Using ‘ducks’ to solve VPS disk space issues
Most use cases for a VPS, like running a website, aren’t all that demanding when it comes to hard drive storage space, but there are some obvious exceptions—hosting audio/video media, backups, large-scale user databases, and more.
For those who might run into issues with hard drive space, keeping tabs on what’s using the most isn’t a bad idea. It just might give you some visibility into what you need to
rm before you hit the limit.
That’s when it’s time to bring in the “ducks.”
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df command (short for disk free) displays the amount of disk space available on every partition that your user has read access to. (You can also use the
-h argument to makes the output “human readable,” as in display file usage in KB, MB, and so on.)
$ df /dev/xyz 30828540 3006136 26249748 11% / devtmpfs 2097152 0 2097152 0% /dev tmpfs 2097152 4 2097148 1% /dev/shm tmpfs 2097152 58500 2038652 3% /run tmpfs 5120 0 5120 0% /run/lock tmpfs 2097152 0 2097152 0% /sys/fs/cgroup none 2097152 0 2097152 0% /run/shm
In contrast, the
du program (short for disk usage) estimates usage under a directory or file system that you specify. By default, it returns disk usage in KB.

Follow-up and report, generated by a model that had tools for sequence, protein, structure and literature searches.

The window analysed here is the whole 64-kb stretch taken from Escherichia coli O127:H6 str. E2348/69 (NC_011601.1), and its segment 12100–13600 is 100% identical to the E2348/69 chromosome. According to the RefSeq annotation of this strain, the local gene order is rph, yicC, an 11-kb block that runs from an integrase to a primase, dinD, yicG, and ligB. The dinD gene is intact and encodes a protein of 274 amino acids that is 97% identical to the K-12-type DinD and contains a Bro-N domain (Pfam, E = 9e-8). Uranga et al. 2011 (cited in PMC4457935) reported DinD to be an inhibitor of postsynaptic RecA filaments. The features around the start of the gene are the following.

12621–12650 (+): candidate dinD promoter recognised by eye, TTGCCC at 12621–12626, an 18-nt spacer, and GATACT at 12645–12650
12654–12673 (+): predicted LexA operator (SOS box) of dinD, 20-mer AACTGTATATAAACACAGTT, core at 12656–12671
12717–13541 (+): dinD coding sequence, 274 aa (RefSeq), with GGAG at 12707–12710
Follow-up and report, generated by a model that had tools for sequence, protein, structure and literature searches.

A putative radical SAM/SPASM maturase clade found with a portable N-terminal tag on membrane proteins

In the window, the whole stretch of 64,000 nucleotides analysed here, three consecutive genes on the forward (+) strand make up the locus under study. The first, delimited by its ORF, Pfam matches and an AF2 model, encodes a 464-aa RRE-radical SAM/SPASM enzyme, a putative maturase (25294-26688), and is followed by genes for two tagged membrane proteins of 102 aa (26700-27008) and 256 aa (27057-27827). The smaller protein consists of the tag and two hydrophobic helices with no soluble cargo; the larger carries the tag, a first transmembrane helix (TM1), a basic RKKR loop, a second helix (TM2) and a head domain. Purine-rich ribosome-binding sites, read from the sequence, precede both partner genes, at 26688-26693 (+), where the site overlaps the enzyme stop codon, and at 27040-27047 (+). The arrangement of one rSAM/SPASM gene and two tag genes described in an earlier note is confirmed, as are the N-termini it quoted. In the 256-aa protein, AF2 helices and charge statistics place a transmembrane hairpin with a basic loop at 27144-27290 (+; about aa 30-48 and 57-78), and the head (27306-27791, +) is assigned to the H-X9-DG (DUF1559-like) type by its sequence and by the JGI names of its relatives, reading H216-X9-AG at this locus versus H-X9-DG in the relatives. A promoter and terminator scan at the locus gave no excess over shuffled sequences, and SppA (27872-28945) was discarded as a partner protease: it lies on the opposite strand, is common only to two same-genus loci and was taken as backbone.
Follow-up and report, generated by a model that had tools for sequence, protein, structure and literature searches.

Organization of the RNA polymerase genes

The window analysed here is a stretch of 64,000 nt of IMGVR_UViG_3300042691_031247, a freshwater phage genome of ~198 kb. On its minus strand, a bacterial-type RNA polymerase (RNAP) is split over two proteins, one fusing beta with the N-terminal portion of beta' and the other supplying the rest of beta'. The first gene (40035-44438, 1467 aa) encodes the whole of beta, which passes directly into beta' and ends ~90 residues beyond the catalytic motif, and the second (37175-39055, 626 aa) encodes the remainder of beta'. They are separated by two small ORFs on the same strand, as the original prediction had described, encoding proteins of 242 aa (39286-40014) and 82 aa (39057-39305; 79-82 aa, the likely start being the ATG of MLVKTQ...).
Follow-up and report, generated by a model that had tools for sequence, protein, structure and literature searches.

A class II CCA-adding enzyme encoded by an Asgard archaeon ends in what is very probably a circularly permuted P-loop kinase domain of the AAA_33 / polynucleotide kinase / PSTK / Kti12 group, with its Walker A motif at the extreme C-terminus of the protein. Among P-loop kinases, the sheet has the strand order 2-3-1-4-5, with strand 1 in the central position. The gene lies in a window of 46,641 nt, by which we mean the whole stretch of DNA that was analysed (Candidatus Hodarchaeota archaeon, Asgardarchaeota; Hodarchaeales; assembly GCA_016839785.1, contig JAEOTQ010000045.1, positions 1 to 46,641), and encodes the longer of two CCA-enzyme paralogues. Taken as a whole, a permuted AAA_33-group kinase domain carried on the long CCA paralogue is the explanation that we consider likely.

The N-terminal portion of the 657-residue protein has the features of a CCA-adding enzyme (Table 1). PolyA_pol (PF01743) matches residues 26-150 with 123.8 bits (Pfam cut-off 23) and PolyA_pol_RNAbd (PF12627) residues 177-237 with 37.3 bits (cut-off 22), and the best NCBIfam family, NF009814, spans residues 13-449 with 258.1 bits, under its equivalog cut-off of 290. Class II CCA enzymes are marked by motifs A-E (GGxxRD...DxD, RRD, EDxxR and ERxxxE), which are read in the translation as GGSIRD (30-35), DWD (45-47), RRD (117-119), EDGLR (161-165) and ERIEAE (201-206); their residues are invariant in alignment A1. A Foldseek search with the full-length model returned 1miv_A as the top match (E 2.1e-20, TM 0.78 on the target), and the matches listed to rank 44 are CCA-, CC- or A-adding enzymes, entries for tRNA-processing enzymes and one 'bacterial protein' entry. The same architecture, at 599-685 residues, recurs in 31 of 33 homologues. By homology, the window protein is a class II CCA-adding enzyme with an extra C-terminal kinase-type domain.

du * 7831 some-file.tar.gz 23441 directoryA/subdirectoryY 183641 directoryA/subdirectoryZ 237189 directoryA/ 464 directoryB/ 226 directoryC/subdirectoryX 832 directoryC/subdirectoryY 483 directoryC/subdirectoryZ 1541 directoryC/
In most cases, the output will be far lengthier than this example. And that’s where you can bring in the the “ducks” to help you investigate a little further.
du -cks * 7831 some-file.tar.gz 237189 directoryA/ 464 directoryB/ 1541 directoryC/ 247026 total
-c argument displays the total usage,
-k sets the block size to 1024 bytes, and
-s displays a summary for only the current directory, and not any subdirectories.
Now it’s possible to more readily see that directoryA is the largest disk hog.
You can take
du -cks a little further by piping it into a few other commands, like
head. The following command will sort the results from largest to smallest, and reduce the output to only the 10 largest.
$ du -cks * |sort -rn |head -11
Some people like to take this a step further and create an alias for this command. You can drop the following in your .profile or .zshrc file.
alias ducks='du -cks * |sort -rn |head -11'